|Saturday & Sunday, May 22 - 23, 2010
Natasha Trethewey's Commencement Address (PDF)
Pulitzer Prize winner Natasha Trethewey urged the Class of 2010 to embrace "a necessary occupation for all of us: the ongoing pursuit of knowledge, a commitment to lifelong inquiry and the blossoming of ideas" during Hollins University’s 168th Commencement Exercises on Sunday, May 23.
Hollins conferred 159 bachelor’s degrees and 57 master’s degrees during the ceremony, which was held on the university’s historic Front Quadrangle.
Trethewey, who was awarded the Pulitzer in poetry in 2007 for her collection, Native Guard, received her master’s degree in English and creative writing from Hollins in 1991. She told the audience, "I consider it my good fortune to have come to Hollins better late than never. And I can say to you now, that while I did not begin my journey at Hollins, I know that I did not start going places until I got here."
The professor of English and the Phillis Wheatley Distinguished Chair in Poetry at Emory University noted, "It’s easy to think of graduation as an ending, like a closed book, the completion of a course of study. And yet, we are reminded that a commencement is a beginning, and yours is an auspicious one. You have a long and promising road ahead of you."
She explained that women today have unprecedented potential to affect the nation’s direction by virtue of being increasingly better educated and making up half of the work force. But, she also emphasized that great responsibility will accompany those opportunities.
"In your hands is the possibility of a better, more equitable society: you can choose it and usher it into being for posterity, for daughters and sons alike,” she said. “Our future, and the future of our nation, is dependent on you."
Following Trethewey’s address, Clark Hooper Baruch ’68, chair of the university’s Board of Trustees, presented her with the degree of Doctor of Letters honoris causa in recognition of her career achievements.
Trethewey is the daughter of Eric Trethewey, professor of English at Hollins.
Two seniors were honored during the morning ceremony for their academic achievements. Brianna Elizabeth Kinney of Walworth, Wisconsin, and Kristin Elysse Stolpe of Gillette, Wyoming, each received the Faculty Award for Academic Excellence for having the highest and second-highest grade point averages among this year’s graduates, respectively. In addition, the following awards were presented:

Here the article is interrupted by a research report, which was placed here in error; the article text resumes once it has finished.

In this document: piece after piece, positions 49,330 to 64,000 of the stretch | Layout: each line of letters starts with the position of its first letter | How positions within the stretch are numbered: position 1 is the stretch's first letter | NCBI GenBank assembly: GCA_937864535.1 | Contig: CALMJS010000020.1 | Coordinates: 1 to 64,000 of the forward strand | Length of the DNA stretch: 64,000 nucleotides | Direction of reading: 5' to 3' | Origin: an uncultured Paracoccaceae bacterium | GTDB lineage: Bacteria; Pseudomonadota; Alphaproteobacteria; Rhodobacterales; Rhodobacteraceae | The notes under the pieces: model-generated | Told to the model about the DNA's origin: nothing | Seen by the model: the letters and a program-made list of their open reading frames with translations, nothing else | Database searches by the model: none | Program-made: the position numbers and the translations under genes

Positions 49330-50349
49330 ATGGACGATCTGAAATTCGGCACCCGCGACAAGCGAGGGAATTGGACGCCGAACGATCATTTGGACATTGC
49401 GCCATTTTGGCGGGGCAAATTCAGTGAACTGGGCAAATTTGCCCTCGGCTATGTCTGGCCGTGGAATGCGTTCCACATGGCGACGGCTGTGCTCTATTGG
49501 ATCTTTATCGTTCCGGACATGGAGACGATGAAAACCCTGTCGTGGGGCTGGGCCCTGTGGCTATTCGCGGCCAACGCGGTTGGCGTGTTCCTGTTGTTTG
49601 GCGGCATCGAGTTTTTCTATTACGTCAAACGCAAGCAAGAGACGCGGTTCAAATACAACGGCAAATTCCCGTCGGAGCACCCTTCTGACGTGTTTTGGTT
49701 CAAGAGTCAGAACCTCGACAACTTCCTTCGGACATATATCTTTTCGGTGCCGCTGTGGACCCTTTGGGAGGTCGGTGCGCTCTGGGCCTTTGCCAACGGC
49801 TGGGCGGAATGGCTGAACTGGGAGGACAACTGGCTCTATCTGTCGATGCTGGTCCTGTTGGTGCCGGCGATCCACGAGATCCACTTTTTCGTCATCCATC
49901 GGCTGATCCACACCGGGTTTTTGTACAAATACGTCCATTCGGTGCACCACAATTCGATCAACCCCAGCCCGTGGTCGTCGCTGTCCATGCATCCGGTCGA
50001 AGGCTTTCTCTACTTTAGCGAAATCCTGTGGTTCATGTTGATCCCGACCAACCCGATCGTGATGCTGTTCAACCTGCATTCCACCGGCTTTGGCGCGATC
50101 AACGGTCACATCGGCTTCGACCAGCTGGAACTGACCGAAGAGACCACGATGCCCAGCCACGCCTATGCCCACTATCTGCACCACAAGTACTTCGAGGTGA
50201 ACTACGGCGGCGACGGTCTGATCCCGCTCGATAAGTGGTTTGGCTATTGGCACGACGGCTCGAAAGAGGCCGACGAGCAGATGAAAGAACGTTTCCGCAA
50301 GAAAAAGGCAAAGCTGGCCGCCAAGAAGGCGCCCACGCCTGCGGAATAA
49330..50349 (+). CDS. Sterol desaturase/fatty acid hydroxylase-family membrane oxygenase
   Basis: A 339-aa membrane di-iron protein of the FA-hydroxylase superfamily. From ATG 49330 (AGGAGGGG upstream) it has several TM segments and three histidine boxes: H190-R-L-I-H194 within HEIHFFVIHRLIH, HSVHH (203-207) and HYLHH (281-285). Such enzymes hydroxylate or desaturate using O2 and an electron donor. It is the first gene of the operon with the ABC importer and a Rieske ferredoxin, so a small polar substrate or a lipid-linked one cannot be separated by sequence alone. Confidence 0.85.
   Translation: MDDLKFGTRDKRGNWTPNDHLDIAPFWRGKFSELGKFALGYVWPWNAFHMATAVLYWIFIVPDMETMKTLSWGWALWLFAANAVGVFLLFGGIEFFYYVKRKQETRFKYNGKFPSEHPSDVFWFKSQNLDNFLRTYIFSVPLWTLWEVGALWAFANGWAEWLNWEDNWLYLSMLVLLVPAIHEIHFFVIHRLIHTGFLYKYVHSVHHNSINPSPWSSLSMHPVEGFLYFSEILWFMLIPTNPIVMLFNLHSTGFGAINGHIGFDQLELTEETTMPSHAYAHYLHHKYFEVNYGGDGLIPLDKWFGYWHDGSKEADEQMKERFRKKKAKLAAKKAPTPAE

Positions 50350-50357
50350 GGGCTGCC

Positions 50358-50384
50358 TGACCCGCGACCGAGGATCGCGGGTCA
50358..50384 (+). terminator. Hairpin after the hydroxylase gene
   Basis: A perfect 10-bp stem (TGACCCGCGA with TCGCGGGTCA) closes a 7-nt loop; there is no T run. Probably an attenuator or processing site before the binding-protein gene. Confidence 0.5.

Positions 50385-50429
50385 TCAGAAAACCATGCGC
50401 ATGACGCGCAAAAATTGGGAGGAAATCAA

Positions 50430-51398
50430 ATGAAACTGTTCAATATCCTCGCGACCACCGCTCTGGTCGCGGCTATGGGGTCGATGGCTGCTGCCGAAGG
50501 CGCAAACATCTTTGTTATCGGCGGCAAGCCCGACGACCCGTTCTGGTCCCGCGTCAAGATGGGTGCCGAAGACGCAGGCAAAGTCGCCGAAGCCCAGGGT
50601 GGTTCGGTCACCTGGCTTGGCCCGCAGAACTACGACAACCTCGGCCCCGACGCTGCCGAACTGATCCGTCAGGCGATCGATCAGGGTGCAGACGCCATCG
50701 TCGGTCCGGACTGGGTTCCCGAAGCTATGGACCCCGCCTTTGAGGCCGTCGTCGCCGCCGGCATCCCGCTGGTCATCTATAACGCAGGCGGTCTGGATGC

- The Algernon Sydney Sullivan Award, given by the New York Southern Society in memory of the founder, recognizes members of the campus community who have shown by daily living those qualities that evidence a spirit of love and helpfulness to other men and women. This year’s honorees are Tiffany Lynne Allen '10 of Panama City, Florida, and Margaret Airey, circulation coordinator at the Wyndham Robertson Library, who is retiring this spring after 22 years of service.
- The Annie Terrill Bushnell Award, established by the late Mrs. William A. Anderson in memory of her mother, is presented to the senior who has evidenced the finest spirit of leadership during her days at Hollins. Kelcy Leigh Mueller of New Braunfels, Texas, is the recipient this year.
- The Jane Cocke Funkhouser Award, honoring a member of the Class of 1911, recognizes a junior or senior who, in addition to being a good student, is pre-eminent in character. Kristin Elysse Stolpe ’10 was presented this year’s award.
- The Hollins University Teaching Award, supported by an endowment established by Mary Bernhardt Decker ’58 and James DeWitt Becker, honors secondary school teachers who have devoted their lives to preparing students to achieve and excel in a higher education setting. Each year, Hollins seniors are invited to nominate the teachers who inspired them or contributed significantly to their intellectual and personal growth. This year’s winner, nominated by Amber Hylton ’10, is Holly Wakeland, an English teacher at William Byrd High School in Vinton, Virginia. Wakeland received a $2,000 award and Hylton accepted a check in the amount of $1,000 on behalf of William Byrd.
- The Hollins Medal, one of the highest honors bestowed by the university, was presented to Katherine Fralin Walker of Roanoke, founding director of the Batten Leadership Institute. Walker was one of the catalysts in establishing the program and providing the essential vision and expertise to guide it. The Hollins Medal is awarded "for distinction, service to Hollins University and to women’s life and education in general."
Hollins also paid tribute to the memory of Shalynda Toney, a member of the Class of 2010 who died last October as the result of injuries she suffered while studying abroad in Italy. President Nancy Gray presented an honorary bachelor’s degree to the Toney family.